As a local history book—and the local Simpsons, McNeills and Clarks—will assert, the community of Cavendish was founded by three families 225 years ago. Those are still common surnames among the roughly 250 year-round residents of this northern Prince Edward Island hamlet made famous by Lucy Maud Montgomery and her visits to a McNeill-owned farm named Green Gables.
Drawn by the Anne lore and the beaches, Cavendish swells each summer by thousands of cottagers and tourists, substantially diversifying the pool of surnames. Among them are the Duffys of 10 Friendly Lane, perhaps the most prominent residential address of this campaign after 24 Sussex.
Islanders were suspicious from the start of Sen. Mike Duffy’s insistence that he could represent P.E.I. When word got around that the P.E.I.-born, Ottawa-based broadcaster had claimed Cavendish as his primary residence, George Clark-Dunning found out which house it was from one of the McNeills. One spring day, Clark-Dunning, a retired hotelier, left his family stead to walk past Memory Lane, G. Willikers Gift Shop and Green Gables to get to the Duffy cottage. Shopping bags covered the home’s light fixtures, a telltale sign of tourists at the end of the season, he said.
As controversy gathered around their occasional neighbour, Cavendish year-rounders learned that the senator and his wife had post-facto obtained provincial driver’s licences and health cards for the island of their supposed primary residence. “To us, it was just the birthday candles on the icing on the cake,” Clark-Dunning said.
The notoriety and criminal charges haven’t made the Old Duff a summertime recluse. Weeks before his trial resumed in August and pulled him back to his once-subsidized “secondary residence,” Duffy not only attended but spoke out with concern at a public meeting about the particularly raucous and boozy aftermath of this July’s Cavendish Beach Music Festival.
Some in Cavendish remain supporters or friends, and Islanders are too genteel to make Duffy feel unwelcome during his summer stay, Clark-Dunning said. “And there are people who are standing by him in this, definitely, so if you think he’s about to be dropped into the deep fat like a good doughnut, you just smile politely and keep your mouth shut. True gentlemen just don’t get into it.”
The Duffy trial has landed in the middle of a campaign in the middle of a riding that pays attention as almost no other. Malpeque, which encompasses Cavendish, had a 76 per cent voter turnout in 2011, second in the country behind neighbouring Cardigan. Politics is like a second religion out there, Clark-Dunning said. Like one’s church, party affiliation is often hereditary on the Island, though the Clarks and Dunnings gave him a mixed political lineage. His riding has been Liberal since 1988, though former agriculture minister Wayne Easter eked out his narrowest victory yet last time, topping the Conservative by 671 votes. In Cavendish, the Liberal won by only four votes.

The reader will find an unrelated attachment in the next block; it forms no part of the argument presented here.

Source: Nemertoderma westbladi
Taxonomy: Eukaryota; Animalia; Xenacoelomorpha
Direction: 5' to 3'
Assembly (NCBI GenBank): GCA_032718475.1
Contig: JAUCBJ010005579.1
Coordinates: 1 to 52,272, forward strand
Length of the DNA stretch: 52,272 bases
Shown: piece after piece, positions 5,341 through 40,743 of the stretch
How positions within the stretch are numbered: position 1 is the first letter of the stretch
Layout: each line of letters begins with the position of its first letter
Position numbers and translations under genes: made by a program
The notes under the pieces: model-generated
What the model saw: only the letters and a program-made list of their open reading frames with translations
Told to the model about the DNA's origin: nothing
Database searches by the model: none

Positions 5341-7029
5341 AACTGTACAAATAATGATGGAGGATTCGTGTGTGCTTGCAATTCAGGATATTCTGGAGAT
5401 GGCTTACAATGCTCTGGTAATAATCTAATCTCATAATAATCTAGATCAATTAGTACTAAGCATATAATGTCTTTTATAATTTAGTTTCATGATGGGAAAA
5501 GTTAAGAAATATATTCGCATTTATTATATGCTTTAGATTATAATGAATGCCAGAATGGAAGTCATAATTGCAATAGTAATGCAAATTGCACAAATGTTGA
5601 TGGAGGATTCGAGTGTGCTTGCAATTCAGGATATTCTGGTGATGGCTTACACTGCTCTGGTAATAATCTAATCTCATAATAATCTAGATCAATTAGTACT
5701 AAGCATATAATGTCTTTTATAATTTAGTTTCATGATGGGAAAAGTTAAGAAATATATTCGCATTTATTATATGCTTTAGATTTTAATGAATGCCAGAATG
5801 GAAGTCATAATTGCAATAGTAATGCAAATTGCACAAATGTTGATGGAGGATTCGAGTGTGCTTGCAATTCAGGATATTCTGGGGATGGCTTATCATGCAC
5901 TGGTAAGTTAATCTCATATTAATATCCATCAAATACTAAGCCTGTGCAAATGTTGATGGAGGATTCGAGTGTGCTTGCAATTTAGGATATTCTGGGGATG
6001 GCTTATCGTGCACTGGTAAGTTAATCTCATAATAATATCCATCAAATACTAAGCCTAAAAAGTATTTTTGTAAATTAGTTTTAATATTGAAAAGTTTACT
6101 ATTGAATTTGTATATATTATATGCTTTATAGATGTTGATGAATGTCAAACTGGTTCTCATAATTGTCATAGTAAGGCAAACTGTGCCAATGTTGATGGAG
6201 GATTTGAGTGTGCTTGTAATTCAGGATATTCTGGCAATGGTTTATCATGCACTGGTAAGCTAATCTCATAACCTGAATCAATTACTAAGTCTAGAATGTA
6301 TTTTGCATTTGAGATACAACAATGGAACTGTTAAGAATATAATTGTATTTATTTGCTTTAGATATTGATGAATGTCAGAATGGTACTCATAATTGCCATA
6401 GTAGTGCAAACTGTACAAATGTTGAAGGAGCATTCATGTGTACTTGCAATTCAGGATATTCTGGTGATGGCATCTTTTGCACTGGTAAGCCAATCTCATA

Islanders may be politics junkies, and the Duffy trial may top the newscasts a bit more than elsewhere, but most voters have written off the disgraced senator, said University of Prince Edward Island political scientist Peter McKenna. “It feeds into the narrative that people don’t trust Harper, don’t like the way he conducts politics,” he said. He predicts that the 2013 reforms to Employment Insurance are more likely to stoke passions in a riding dominated by two seasonal employment types: agriculture and tourism.
Clark-Dunning said he’s been following the trial about as closely as he devours the rest of the news. Over at Captain Kidd’s Dairy Bar—where you can see 10 Friendly Lane from the back deck—kitchen manager Kevin Jay said people talk about the trial and Duffy saga occasionally. He hasn’t tuned in much, because he lacks a TV where he stays for the summer. “Last year, it was a little bigger, because there were reporters around. They were sitting out in the parking lot. It’s a lot quieter this year,” he said. He’ll have some catching up to do when he returns home to Kensington after summer season. “It makes you wonder if that was just Duffy doing this. We still need to know more.”
After the tourists depart, summer residents vacate, and seasonal employees leave Cavendish, the election signs will appear more prominently. The vote falls after Thanksgiving, when most cottages close up for the year, so don’t expect the likes of Duffy to cast a ballot in Malpeque on Oct. 19.